January 24, 2018. The Trump administration argues that “chain migration” is bad for the United States, and that immigrants should be admitted based upon their skills. This article looks into the administration’s claim that “current immigration policy imposes as much as $300 billion annually in net fiscal costs on U.S. taxpayers,” that was found in the National Academies of Sciences, Engineering, and Medicine report. Politifact found that although this finding is accurately cited from the the NAS report, the Trump administration left out details that further explain the effects of chain migration. It found that the NAS report provides an analysis based on multiple scenarists that lead to different estimates of the fiscal burden, ranging from $279 billion and $43 billion. The administration also didn’t take into account that although first-generation immigrants are more costly, second generation immigrants pay more in taxes than their parents and their U.S-born counterparts. Politifact determined that the Trump administration only used one finding from the report but left out important details and rated the claim as half true.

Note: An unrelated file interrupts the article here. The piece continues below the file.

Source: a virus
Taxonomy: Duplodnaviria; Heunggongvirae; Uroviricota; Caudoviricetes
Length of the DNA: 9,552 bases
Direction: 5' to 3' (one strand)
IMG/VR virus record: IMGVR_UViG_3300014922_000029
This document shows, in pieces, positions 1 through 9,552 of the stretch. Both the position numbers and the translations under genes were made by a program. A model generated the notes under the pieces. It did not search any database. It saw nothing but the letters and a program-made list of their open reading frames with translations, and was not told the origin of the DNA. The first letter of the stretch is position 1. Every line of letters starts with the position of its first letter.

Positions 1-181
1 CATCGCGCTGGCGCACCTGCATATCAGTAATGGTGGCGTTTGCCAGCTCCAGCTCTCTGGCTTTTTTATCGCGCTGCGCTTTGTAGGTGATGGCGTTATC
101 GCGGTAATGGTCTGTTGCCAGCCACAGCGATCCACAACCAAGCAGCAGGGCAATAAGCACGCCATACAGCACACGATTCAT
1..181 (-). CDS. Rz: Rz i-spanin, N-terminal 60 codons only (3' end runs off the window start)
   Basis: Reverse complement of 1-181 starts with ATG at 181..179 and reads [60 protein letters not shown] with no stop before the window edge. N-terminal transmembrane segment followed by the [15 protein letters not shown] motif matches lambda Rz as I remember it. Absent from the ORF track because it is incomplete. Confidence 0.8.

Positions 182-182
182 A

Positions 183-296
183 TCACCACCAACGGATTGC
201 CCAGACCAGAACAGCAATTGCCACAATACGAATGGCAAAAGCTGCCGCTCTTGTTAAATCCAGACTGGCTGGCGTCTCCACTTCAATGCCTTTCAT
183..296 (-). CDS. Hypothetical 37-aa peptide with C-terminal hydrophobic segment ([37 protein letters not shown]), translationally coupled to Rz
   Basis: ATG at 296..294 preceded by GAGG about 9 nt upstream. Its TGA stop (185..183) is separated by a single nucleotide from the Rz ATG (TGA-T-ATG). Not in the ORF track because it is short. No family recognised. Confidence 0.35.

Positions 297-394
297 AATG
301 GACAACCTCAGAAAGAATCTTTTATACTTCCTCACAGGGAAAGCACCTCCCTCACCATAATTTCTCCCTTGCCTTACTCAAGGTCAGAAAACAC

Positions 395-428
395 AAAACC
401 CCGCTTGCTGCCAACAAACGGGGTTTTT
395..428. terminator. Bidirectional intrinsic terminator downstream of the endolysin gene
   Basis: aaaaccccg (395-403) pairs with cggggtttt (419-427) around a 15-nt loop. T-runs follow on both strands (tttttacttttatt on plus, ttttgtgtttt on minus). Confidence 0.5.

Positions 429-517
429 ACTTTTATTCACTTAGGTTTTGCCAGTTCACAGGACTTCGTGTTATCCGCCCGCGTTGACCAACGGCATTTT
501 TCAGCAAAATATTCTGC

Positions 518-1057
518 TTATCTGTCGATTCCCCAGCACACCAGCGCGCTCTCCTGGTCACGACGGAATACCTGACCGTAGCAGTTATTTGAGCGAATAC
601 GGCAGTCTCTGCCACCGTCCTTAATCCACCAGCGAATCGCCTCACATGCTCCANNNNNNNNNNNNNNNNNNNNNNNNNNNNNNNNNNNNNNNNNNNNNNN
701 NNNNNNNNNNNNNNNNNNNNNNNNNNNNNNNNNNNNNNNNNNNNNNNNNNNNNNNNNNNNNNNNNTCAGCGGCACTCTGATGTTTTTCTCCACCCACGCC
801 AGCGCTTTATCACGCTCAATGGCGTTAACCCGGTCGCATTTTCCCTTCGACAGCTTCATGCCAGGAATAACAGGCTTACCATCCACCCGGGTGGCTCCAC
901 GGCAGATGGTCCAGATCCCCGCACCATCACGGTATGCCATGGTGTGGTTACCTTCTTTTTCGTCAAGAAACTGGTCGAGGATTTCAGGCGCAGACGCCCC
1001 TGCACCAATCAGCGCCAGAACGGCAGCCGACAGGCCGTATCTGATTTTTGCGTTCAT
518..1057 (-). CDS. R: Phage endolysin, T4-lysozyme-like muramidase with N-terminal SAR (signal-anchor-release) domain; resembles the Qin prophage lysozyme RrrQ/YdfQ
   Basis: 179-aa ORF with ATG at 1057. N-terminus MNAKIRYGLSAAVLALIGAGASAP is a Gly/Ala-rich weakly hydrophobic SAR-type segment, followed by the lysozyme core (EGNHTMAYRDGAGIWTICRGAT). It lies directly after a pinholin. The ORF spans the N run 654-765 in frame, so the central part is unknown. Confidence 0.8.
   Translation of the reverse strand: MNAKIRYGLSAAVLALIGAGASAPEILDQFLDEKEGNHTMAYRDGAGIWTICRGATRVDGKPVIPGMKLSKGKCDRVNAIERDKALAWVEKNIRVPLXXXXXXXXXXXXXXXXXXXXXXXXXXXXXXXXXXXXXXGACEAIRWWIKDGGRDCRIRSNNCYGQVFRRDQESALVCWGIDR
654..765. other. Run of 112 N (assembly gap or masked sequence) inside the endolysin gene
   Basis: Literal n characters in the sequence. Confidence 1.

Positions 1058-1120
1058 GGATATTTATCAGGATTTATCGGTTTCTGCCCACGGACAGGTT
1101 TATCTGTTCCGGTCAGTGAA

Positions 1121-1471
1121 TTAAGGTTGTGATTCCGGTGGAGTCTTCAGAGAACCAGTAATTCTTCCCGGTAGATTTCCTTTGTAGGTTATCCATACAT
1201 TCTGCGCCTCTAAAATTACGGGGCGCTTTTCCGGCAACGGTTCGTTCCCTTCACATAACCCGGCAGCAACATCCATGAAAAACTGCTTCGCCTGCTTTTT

The National Academies found that first-generation immigrants (who were born outside of the United States) cost governments more money than the native-born population. The costs are largely taken on by state and local governments that educate the immigrants’ children.

David Dyssegaard Kallick, director of immigration research at the Fiscal Policy Institute, said, “This is just sophistry.”

Since the United States has been running a deficit for years, “by definition, all Americans have a bigger net cost than contribution — first-generation immigrants, second-generation immigrants, and those of us who have been here for three or more generations,” he said. “That’s a failure of tax policy, not a story about immigrants.”

Here is the link to Politifact.